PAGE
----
Identifying a pseudovector

  • Thread starter snorkack
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  • #1
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Main Question or Discussion Point

The difference between a vector and a pseudovector is that while a vector changes direction on space reflection, a pseudovector does not.

However, a space reflection cannot be done physically, or can it?

Electric current and magnetic field are connected by a hand rule. This means that they cannot be both vectors, otherwise the hand would be reflected on space reflection. And neither can they be both pseudovectors.

How do you actually find out which of the two is a pseudovector - how do you prove that magnetic field is a pseudovector but current is a real vector, and not vice versa?
 

Answers and Replies

  • #2
phyzguy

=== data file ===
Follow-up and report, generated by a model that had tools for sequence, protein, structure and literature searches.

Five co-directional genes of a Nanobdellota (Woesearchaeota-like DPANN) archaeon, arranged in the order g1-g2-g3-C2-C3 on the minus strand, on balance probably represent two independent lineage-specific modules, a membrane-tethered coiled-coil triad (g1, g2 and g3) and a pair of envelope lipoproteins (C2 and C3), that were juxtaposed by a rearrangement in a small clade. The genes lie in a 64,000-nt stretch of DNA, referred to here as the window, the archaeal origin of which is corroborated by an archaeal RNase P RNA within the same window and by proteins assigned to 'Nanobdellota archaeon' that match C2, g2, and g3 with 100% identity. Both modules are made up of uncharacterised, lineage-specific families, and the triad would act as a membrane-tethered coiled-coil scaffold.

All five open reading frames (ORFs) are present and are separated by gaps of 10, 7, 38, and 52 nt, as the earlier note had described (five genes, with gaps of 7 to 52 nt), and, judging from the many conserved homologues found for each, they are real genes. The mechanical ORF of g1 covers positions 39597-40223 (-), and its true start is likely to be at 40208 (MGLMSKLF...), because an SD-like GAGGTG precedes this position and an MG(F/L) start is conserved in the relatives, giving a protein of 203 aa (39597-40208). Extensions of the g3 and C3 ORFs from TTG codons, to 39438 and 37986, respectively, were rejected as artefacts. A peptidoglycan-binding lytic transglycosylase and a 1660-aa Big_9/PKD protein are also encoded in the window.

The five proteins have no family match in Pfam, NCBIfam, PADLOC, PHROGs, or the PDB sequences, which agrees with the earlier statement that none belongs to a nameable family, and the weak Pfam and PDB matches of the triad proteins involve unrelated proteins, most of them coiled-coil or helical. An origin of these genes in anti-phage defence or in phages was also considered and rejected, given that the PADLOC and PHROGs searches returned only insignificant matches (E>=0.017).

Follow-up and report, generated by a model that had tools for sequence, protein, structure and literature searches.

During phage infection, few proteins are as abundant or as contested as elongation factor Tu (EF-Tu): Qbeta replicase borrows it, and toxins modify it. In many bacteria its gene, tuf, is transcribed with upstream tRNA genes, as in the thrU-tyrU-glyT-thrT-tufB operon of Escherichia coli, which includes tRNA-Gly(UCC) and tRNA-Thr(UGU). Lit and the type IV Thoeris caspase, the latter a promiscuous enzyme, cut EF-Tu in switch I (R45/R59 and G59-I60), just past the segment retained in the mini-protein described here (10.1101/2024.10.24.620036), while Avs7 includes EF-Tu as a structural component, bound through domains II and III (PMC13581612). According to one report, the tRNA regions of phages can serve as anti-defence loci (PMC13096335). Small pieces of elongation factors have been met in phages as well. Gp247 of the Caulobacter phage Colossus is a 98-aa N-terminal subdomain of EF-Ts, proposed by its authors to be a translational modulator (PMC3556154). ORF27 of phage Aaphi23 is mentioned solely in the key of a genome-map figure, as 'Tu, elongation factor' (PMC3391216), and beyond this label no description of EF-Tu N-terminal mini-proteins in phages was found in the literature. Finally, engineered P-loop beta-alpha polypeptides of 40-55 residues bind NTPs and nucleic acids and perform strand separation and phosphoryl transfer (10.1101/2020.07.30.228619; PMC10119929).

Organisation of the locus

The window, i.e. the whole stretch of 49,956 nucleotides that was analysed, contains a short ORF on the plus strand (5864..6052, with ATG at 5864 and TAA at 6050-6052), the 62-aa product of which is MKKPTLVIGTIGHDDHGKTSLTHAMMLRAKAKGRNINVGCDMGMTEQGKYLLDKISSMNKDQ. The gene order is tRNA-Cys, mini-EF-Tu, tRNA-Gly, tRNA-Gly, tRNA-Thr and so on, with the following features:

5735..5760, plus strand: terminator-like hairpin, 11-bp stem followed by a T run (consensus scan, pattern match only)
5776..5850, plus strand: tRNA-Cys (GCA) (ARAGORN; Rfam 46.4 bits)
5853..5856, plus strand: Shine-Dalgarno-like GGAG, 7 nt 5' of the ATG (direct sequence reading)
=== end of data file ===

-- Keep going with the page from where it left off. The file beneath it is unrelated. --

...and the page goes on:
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The very fact that you need a "hand rule" shows that the magnetic field is a pseudo-vector. While electric current is a true vector, the magnetic field is actually the space part of the EM field tensor, which is a rank 2 antisymmetric tensor. If you write out the EM field tensor, you will see that the E field is the time-space part of it, and the B field is the space-space part of it. Since the B-field includes two space indices, it does not change sign when you change the sign of the space coordinates, while the E-field, which contains only one space coordinate, does change sign. So under spatial transformations, the E field behaves as an ordinary vector, while the B field behaves as a pseudo-vector. Under Lorentz transformations, the E and B fields mix, so neither one transforms as a vector and you need to use the complete EM field tensor.
 

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